By Martin Woodley
The history of US anti-Asian racism
White supremacy is a system which was constructed as a means of consolidating ’whiteness’ as the defining unifying feature of the nation. As such, all people of colour were to one extent or another constituent of ’internal colonies’ brought about respectively by the pacification of the indigenese and the annexation of former territories of Mexico. There is of course the paradigm, and most important case of the African American community, oppressed after emancipation by Jim Crow laws and which is perpetuated today through residential segregation, discrimination, criminalisation, and a racist and oppressive justice system.
To this list, which is not exhaustive, America’s Asian heritage communities must be included. Originally Chinese migrated as cheap labour, driven by the economic catastrophe then taking place in China resulting from the Taiping rebellion. They were prized by industrial employers, particularly for the construction of the American Transcontinental railway beginning in the 1850s. They settled in numbers in California. Since they arrived as a source of cheap labour, white workers considered them to be unfair competition for jobs, as well as bringer of a strange, alien, i.e. not European, culture.
In 1854, the California Supreme Court reinforced racism against Asian immigrants in People v. Hall, ruling that people of Asian descent could not testify against a White person in court, virtually guaranteeing that Whites could escape punishment for anti-Asian violence. In this case, it was murder: George Hall shot and killed Chinese immigrant Ling Sing, and the testimony of witnesses was rejected because they were also Asian.1
Following the Mexican-American War of 1845, present day California, Nevada, Utah, most of Arizona, the Western part of New Mexico, the west of Colorado and South West Wyoming were ceded to the US in 1848; by 1860 Texas had been annexed. After 1877 reconstruction had been driven into reverse and by 1896 Jim Crow laws had been established throughout the South. The First Nation Wars – the pacification of the indigenese – had been continuing uninterrupted since the original colonisation and were only finally concluded in 1924. Therefore, the context of the institutionalisation of anti-Asian racism was the general imposition of white supremacy over indigenous, African, Hispanic and Asian communities.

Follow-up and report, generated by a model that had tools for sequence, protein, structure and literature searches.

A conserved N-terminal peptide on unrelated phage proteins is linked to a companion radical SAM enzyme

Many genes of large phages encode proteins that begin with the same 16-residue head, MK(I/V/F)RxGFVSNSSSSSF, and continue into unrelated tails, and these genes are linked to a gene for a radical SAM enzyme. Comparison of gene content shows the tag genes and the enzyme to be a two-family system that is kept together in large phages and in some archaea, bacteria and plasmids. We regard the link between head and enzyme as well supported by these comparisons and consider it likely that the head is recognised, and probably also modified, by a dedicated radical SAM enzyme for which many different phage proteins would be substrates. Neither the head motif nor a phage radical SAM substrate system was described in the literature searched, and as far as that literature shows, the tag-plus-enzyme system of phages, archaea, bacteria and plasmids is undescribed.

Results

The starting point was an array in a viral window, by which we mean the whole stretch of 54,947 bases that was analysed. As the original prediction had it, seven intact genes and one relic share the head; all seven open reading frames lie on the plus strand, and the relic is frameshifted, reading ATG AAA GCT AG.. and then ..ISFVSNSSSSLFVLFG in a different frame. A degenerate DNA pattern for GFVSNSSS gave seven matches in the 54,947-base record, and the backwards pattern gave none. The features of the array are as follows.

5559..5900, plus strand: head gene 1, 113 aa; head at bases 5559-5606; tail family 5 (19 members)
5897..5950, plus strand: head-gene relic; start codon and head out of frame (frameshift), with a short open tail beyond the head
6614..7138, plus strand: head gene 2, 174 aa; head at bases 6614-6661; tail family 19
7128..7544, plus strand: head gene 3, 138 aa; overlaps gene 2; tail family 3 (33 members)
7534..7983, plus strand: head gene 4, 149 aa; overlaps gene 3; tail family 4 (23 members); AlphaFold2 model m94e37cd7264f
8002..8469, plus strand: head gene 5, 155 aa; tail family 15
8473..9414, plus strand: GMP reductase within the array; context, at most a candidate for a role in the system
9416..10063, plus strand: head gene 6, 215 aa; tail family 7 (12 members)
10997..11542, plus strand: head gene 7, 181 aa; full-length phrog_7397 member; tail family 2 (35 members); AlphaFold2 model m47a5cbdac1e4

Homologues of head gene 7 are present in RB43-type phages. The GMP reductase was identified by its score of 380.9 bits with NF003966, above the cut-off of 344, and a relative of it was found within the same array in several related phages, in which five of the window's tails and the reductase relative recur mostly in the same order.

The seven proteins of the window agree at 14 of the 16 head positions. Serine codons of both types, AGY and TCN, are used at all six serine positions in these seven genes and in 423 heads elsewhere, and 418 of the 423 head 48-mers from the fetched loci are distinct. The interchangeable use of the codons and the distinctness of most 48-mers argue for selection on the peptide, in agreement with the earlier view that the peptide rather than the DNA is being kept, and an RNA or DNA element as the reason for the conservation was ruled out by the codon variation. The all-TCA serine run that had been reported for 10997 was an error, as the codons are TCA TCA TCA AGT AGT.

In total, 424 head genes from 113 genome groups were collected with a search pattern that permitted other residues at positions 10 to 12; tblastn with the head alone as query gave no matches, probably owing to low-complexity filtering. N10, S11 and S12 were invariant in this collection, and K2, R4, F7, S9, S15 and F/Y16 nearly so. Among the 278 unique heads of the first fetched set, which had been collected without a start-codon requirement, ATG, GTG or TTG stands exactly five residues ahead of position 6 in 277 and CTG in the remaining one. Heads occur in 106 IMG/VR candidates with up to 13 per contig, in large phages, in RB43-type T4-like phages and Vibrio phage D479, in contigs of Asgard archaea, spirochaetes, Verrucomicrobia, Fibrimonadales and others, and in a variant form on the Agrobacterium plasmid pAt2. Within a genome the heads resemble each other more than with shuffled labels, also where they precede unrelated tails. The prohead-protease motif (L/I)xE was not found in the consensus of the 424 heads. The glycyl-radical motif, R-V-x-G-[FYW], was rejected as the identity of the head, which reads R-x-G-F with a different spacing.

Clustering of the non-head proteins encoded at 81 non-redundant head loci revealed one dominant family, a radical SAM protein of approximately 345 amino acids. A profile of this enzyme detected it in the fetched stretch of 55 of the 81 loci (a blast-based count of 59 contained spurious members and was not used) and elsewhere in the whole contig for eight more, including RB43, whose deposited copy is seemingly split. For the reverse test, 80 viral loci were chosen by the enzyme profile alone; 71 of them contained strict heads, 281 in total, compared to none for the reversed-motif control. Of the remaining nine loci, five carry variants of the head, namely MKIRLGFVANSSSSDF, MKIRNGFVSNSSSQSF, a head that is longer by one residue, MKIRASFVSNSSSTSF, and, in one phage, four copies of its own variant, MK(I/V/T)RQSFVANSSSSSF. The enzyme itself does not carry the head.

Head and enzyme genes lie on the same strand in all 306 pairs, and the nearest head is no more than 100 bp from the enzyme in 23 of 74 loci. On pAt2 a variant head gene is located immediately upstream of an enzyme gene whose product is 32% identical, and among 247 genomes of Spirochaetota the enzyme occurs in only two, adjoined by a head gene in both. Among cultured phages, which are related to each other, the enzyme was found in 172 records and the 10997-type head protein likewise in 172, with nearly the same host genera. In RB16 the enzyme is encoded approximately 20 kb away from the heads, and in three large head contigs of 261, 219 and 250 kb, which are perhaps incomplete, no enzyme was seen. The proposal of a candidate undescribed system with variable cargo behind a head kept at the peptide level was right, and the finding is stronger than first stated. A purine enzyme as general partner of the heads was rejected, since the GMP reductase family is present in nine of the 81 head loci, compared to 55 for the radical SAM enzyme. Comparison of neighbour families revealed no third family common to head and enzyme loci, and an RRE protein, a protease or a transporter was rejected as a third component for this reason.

As soon as the civil rights amendments had been passed following the civil war, the country restarted its descent into hatred aimed at all people of colour, including Asian Americans. In 1871 more than 500 Whites attacked a small Chinese community in Los Angeles, lynching at least 17 Chinese males – eight of the rioters were convicted, but all had their convictions overturned.
The Chinese Exclusion Act
The Chinese exclusion act passed in 1882 after a protracted period of pressure from white workers. This act outlawed all Chinese immigration to the United States and denied citizenship to those already settled in the country. It was renewed in 1892 and extended indefinitely in 1902 – the Chinese population of the US declined until the act was repealed in 1943.
After the 1893 economic downturn, measures adopted in the severe depression included anti-Chinese riots that eventually spread throughout the West from which came racist violence and massacres. Most of the Chinese farm workers, which by 1890 comprised 75% of all Californian agricultural workers, were expelled, and migrated to the ’Chinatowns’ in the cities.
A few examples of the racism endured by the Asian American population suffice to illustrate what was involved: